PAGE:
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Massachusetts lawmakers consider renaming Office of Elder Affairs

Massachusetts Statehouse.
Elizabeth Román
Massachusetts Statehouse.

Lawmakers and advocates for Massachusetts’ aging citizens gathered on Beacon Hill Wednesday in support of Gov. Maura Healey’s proposition to rename the Executive Office of Elder Affairs to the Executive Office of Aging and Independence.

"Consumers felt our agency name was vague, and did not clearly explain what we do or support them," said Robin Lipson, the acting secretary of Elder Affairs, who spoke on behalf of the Healey administration’s plans to change the name in order to reduce stigma that surrounds aging and better represent their mission.

"The Executive office of Aging and Independence is a name that not only provides a clear description of what our agency does, and the community it serves, but it also reflects our older population's values," Lipson said.

She added that the name change is in response to the aging population’s needs and priorities — primarily living mostly independently — and will promote policies that will allow Bay Stater's to age on their own terms.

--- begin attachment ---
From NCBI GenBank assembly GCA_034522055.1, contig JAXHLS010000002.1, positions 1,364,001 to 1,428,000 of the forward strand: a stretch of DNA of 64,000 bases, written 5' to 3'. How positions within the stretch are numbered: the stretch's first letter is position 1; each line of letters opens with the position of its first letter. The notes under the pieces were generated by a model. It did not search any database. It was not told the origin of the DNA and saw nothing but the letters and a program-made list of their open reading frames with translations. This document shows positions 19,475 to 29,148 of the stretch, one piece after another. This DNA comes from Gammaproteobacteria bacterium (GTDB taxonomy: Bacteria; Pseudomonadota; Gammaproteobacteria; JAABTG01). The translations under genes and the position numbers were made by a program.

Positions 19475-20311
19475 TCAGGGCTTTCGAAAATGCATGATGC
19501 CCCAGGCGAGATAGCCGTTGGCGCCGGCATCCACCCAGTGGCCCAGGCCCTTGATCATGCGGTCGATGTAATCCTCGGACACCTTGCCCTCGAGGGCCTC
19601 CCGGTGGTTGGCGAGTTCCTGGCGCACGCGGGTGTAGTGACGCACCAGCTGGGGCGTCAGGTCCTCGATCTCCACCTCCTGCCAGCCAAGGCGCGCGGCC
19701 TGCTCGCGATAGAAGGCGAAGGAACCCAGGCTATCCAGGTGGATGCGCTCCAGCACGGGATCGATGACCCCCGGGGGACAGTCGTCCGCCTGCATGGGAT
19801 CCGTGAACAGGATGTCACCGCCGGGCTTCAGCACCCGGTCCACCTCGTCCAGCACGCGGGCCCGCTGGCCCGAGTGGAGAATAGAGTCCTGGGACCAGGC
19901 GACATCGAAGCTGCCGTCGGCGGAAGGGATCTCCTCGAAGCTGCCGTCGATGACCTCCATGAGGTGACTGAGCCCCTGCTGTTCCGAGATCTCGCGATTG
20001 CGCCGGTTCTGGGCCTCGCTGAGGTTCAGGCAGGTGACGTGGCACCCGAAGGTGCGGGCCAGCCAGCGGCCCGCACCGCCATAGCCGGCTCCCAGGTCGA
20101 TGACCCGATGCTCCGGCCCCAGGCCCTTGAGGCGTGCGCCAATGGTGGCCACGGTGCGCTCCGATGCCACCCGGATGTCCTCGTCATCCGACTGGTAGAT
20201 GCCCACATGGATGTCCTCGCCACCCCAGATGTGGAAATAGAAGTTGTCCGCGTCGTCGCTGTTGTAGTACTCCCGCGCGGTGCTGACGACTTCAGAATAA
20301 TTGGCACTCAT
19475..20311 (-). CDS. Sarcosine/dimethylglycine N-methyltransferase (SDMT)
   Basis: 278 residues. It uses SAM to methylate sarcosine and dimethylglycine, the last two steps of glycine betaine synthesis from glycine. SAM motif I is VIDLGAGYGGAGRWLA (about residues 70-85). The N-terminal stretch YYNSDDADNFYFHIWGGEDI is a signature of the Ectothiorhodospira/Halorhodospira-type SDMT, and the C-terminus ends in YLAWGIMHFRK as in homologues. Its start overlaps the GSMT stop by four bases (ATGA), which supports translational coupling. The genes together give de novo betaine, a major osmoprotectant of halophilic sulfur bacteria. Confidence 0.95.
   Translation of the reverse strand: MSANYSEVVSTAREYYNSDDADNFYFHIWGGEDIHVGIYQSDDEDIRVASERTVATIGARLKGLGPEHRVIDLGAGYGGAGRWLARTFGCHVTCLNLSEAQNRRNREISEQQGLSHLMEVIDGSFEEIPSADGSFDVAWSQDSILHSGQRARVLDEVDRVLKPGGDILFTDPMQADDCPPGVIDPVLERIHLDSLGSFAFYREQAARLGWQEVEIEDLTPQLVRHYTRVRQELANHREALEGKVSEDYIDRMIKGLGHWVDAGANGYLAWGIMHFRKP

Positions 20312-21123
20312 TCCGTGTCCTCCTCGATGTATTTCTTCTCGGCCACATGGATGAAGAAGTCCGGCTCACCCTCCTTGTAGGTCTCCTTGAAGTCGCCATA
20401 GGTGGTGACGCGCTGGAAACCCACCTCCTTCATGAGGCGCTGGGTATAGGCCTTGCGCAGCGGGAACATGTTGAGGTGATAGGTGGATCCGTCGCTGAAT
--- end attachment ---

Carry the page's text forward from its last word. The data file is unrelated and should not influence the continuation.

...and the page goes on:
The name change will not affect the services that the Office of Elder Affairs provides and will remain as part of the state's Executive Office of Health and Human Services.

Paul Lanzikos, co-founder of the disability and elderly advocacy group Dignity Alliance Massachusetts and a former secretary of elder affairs under Gov. Michael Dukakis, testified about the impact the name change, but said more needs to be done.

"While we should take pride in the position and office having this level of potential influence to relevant government affairs, the current constraints and expectations as it's located within the bureaucracy does not match the statutory charge," he said.

Lanzikos hopes that the office can be restored as an independent agency that will create statutory reporting requirements and be able to creative more effective policies in order to assist and support the elderly in the future.

Emily Shea, the Age Strong Commissioner for the City of Boston also testified in front of Massachusetts lawmakers.

"I think that it's important to update language to make sure what we call ourselves is accessible and resonates with the people that we serve," she said.

Shea told the committee that Boston conducted a study back in 2018, when the city department was referred to as the Commission on the Affairs of the Elderly. The study discovered that many residents over the age of sixty did not prefer to associate with being known as the elderly and felt less inclined to reach out for assistance services. Shea advocated for the committee to do everything in it's power to elevate aging within the state.

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